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Gastroenterology Research and Practice
Volume 2010, Article ID 597648, 7 pages
http://dx.doi.org/10.1155/2010/597648
Case Report

Henoch-Schonlein Purpura—A Case Report and Review of the Literature

1Gastroenterology, Montefiore Medical Center, North Division, 600, E 233rd street, Bronx, NY 10466, USA
2Internal Medicine, Montefiore Medical Center, North Division, 600, E 233rd street, Bronx, NY 10466, USA
3Department of Pathology, Montefiore Medical Center, North Division, 600, E 233rd street, Bronx, NY 10466, USA
4Clinical Medicine, New York Medical College, Valhalla, NY 10595, USA

Received 30 October 2009; Accepted 17 March 2010

Academic Editor: Nirmal S. Mann

Copyright © 2010 Amit B. Sohagia et al. This is an open access article distributed under the Creative Commons Attribution License, which permits unrestricted use, distribution, and reproduction in any medium, provided the original work is properly cited.

Abstract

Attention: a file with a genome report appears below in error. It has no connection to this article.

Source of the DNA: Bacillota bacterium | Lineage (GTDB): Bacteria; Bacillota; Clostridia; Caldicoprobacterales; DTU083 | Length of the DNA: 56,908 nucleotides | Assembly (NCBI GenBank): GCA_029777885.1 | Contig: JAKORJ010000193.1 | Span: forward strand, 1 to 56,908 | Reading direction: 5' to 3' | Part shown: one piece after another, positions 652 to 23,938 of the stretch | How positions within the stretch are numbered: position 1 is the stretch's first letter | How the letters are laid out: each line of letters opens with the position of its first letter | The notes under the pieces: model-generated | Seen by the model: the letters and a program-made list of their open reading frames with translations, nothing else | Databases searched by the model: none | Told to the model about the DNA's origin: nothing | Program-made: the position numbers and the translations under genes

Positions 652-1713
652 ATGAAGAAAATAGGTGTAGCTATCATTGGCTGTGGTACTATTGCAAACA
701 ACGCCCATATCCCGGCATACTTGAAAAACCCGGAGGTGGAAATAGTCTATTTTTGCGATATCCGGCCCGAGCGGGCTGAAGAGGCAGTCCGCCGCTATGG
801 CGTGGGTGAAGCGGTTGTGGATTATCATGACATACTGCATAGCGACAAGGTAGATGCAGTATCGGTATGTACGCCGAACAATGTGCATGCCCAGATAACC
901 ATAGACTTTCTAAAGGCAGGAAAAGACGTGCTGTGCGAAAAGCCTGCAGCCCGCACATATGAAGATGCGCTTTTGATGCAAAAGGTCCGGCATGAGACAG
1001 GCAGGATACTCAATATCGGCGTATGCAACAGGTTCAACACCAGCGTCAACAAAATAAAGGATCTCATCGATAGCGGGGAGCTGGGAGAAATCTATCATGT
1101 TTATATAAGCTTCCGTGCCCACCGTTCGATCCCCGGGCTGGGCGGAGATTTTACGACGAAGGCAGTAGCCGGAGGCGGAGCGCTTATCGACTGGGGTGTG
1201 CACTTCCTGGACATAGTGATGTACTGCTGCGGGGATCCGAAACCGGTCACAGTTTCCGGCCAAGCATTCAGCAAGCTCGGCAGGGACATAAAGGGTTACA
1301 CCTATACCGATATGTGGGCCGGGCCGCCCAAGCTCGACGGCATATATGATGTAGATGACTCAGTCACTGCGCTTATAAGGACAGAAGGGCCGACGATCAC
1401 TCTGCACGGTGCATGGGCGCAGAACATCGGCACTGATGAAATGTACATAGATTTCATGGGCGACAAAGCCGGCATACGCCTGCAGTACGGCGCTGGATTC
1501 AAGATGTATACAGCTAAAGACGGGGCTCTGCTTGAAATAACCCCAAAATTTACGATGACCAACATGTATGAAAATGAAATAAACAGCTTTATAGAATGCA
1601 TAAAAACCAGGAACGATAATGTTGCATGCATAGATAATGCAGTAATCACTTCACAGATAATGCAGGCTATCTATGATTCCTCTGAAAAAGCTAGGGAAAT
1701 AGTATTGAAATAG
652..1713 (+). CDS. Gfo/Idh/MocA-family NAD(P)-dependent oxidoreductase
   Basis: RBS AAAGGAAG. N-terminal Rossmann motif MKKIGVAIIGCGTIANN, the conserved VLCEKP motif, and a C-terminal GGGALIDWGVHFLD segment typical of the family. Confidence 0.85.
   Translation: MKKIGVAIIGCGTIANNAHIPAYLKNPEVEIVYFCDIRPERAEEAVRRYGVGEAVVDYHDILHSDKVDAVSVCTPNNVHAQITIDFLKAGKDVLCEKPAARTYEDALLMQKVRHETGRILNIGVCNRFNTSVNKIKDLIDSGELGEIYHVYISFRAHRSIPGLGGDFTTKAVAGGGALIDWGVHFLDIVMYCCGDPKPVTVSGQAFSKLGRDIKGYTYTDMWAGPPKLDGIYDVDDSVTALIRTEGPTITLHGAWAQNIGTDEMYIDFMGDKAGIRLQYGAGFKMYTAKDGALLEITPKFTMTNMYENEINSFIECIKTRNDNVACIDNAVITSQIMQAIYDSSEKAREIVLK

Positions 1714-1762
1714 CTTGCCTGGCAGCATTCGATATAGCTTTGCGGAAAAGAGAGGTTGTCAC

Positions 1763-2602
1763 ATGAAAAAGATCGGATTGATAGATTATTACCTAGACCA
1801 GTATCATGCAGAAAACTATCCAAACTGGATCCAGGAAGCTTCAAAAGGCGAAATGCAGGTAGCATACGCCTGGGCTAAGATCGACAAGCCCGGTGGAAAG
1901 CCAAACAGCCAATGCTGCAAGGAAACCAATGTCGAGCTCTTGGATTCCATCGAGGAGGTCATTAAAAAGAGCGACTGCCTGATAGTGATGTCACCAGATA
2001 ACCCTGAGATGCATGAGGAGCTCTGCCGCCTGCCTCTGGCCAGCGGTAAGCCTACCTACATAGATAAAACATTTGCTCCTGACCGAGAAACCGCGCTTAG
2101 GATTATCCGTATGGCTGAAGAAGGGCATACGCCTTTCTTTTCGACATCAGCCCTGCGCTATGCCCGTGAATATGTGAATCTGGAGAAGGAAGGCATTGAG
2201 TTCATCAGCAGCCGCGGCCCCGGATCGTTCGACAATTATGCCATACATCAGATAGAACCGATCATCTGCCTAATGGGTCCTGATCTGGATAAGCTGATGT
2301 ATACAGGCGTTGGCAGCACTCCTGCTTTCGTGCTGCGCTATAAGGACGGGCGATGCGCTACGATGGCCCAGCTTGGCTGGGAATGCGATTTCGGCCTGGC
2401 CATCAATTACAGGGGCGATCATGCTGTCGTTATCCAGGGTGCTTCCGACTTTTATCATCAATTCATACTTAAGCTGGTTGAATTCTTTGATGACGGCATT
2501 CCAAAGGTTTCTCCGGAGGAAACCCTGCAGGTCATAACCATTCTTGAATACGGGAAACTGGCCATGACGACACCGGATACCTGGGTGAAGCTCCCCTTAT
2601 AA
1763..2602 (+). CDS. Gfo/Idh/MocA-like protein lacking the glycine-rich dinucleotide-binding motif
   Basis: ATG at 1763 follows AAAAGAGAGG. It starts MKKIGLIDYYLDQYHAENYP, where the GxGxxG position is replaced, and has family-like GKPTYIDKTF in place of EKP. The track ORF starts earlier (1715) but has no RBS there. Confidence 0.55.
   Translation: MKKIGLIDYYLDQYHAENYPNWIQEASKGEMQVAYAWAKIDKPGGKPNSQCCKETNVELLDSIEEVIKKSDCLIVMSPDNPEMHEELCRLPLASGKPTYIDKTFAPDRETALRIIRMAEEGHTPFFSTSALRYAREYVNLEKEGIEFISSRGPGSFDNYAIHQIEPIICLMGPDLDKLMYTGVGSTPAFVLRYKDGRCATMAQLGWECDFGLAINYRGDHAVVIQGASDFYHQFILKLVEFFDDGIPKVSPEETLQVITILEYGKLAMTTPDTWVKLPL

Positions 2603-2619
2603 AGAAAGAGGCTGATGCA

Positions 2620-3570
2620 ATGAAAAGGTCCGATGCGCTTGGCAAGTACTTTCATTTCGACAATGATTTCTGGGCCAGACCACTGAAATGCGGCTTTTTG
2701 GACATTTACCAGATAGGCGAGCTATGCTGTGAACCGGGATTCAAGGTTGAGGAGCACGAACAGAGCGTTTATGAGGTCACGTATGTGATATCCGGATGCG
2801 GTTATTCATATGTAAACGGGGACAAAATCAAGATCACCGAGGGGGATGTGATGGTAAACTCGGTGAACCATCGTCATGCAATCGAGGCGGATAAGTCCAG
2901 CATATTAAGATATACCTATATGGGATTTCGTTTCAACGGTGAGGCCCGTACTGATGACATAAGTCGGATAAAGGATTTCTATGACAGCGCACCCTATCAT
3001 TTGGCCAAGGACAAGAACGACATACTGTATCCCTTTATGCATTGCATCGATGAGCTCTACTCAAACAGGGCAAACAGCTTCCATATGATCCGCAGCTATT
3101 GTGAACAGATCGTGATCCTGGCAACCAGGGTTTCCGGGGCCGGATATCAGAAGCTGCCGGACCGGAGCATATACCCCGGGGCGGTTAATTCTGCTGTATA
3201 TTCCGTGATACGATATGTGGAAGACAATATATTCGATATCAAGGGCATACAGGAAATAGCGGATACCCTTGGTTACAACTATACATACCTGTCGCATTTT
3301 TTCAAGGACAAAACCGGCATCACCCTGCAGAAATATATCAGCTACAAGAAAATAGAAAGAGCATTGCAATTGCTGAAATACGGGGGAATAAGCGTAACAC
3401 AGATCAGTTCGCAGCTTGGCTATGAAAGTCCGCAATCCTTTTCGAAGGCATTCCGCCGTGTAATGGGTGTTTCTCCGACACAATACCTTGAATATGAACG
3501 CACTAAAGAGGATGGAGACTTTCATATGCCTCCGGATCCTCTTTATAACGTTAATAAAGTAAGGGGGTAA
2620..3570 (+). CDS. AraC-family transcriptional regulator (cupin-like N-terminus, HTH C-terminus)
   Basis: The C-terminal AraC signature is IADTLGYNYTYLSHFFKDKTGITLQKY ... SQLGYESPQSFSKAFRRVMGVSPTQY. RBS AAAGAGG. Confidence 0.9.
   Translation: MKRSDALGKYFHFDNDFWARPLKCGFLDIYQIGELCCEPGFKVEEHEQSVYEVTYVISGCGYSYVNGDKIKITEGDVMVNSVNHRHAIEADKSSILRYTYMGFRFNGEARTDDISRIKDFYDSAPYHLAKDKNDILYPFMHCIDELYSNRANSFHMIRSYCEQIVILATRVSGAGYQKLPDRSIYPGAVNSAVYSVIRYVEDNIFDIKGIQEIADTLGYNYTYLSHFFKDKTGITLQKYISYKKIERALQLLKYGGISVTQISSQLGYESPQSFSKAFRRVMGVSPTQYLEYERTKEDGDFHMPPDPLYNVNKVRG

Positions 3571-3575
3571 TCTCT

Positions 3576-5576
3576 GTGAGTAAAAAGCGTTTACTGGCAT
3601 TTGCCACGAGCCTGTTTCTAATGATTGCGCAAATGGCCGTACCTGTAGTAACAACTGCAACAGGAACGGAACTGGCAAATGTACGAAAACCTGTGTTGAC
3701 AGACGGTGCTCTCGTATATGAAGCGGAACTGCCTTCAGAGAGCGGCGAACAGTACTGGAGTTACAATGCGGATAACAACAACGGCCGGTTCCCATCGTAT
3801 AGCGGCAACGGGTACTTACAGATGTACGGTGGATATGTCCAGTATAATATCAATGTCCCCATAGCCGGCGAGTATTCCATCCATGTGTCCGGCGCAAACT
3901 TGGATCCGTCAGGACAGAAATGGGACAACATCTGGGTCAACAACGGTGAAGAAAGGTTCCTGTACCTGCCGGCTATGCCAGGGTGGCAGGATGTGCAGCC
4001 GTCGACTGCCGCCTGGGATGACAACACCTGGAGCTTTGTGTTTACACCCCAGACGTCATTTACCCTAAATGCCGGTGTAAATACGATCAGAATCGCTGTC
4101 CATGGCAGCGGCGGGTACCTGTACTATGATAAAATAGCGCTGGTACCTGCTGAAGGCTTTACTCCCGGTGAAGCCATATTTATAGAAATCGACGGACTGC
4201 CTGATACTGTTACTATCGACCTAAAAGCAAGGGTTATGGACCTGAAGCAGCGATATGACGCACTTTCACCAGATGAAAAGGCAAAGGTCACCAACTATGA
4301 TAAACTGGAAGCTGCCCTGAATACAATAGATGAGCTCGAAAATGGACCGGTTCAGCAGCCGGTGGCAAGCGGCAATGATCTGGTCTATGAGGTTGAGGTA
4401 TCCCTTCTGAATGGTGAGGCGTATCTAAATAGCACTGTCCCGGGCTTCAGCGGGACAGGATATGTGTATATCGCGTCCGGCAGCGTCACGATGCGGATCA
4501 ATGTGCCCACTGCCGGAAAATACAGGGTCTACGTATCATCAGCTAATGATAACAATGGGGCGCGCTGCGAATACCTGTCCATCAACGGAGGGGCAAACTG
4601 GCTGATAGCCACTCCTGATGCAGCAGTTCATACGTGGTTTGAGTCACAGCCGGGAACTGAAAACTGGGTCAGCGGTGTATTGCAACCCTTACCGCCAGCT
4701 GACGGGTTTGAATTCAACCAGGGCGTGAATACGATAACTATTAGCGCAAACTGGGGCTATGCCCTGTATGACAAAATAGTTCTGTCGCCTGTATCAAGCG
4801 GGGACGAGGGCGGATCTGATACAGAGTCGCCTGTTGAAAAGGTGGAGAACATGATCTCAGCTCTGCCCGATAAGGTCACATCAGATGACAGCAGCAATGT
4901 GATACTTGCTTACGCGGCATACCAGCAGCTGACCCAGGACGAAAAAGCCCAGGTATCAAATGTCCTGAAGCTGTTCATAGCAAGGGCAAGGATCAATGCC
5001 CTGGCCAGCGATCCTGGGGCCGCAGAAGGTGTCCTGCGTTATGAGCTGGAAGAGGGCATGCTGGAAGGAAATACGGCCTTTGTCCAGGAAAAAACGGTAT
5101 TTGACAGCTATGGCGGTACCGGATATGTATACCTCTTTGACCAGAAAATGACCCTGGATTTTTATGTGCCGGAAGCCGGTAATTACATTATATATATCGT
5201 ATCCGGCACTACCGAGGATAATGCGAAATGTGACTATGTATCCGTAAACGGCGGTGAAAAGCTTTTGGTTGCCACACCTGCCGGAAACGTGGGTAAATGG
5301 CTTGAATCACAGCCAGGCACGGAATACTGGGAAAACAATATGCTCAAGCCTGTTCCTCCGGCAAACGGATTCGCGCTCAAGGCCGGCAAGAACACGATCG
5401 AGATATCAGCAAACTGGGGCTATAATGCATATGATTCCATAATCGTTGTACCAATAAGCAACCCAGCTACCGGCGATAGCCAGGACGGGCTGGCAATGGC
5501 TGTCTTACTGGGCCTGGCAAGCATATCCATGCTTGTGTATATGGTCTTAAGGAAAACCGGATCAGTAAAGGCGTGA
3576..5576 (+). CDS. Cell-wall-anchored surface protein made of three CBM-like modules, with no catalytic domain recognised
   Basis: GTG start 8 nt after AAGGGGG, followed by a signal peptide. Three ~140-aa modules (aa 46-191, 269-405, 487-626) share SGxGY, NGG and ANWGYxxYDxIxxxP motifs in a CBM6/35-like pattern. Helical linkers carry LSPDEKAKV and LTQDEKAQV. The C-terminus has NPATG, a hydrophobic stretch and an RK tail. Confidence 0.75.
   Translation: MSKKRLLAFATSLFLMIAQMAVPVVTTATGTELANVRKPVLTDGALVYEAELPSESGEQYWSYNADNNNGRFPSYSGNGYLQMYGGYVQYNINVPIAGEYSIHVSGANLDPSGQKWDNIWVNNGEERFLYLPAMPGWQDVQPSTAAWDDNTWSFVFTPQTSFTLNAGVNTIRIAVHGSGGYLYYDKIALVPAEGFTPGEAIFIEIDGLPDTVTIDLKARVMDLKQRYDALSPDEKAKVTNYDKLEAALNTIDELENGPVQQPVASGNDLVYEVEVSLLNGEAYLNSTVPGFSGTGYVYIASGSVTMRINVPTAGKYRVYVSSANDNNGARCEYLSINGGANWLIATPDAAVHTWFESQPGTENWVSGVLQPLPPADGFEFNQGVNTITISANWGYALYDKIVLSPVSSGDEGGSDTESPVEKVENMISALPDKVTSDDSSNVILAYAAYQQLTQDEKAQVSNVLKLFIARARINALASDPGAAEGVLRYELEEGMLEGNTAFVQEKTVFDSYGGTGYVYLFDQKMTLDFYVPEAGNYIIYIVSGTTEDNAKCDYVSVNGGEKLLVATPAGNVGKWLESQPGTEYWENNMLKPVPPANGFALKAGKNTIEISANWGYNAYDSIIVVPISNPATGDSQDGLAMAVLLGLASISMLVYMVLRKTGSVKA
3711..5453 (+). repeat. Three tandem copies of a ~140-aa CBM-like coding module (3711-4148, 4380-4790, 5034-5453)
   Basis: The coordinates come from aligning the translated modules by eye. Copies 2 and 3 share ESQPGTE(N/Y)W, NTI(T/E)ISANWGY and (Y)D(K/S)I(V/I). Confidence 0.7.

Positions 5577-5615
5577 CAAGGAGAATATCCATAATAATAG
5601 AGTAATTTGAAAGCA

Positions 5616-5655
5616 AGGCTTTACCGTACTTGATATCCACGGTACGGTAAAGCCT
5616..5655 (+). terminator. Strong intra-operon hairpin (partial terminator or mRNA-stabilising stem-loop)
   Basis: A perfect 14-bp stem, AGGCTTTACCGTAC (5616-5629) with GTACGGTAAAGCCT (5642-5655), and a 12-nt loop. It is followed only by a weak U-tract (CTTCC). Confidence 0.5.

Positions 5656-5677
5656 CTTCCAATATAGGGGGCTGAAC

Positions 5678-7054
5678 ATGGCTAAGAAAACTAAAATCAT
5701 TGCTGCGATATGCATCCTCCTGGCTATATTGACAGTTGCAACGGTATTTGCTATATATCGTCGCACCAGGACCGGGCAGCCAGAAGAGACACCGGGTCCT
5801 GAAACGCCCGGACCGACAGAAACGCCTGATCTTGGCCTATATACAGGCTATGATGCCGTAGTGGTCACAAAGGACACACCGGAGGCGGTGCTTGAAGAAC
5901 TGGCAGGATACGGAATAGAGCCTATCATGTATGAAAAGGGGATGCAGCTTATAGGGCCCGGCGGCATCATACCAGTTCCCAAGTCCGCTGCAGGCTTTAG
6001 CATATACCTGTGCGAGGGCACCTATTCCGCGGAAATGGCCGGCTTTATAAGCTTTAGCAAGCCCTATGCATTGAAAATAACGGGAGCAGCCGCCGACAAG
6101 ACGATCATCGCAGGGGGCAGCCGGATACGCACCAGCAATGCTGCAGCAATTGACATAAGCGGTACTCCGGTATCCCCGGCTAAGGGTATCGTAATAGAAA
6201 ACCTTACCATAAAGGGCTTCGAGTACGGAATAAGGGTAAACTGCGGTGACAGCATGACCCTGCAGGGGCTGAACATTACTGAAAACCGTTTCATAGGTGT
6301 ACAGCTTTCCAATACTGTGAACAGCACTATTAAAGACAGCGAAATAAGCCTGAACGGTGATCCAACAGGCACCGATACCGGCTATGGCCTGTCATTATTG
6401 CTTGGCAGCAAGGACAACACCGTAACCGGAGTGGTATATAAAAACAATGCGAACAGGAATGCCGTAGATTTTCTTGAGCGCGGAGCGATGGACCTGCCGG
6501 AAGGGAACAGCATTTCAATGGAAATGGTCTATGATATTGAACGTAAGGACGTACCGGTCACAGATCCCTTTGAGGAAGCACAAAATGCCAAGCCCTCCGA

We describe a case of an adolescent male with Henoch-Schonlein purpura (HSP), presenting with cutaneous and gastrointestinal manifestations. Endoscopy revealed diffuse ulcerations in the stomach, duodenum, and right colon. Biopsies revealed a leukocytoclastic vasculitis in the skin and gastrointestinal tract. Steroid therapy led to complete resolution of the symptoms. HSP is the most common childhood vasculitis, and is characterized by the classic tetrad of nonthrombocytopenic palpable purpura, arthritis or arthralgias, gastrointestinal and renal involvement. It is a systemic disease where antigen-antibody (IgA) complexes activate the alternate complement pathway, resulting in inflammation and small vessel vasculitis. Mild disease resolves spontaneously, and symptomatic treatment alone is sufficient. Systemic steroids are recommended for moderate to severe HSP. The prognosis depends upon the extent of renal involvement, which requires close followup. Early recognition of multiorgan involvement, especially outside of the typical age group, as in our adolescent patient, and appropriate intervention can mitigate the disease and limit organ damage.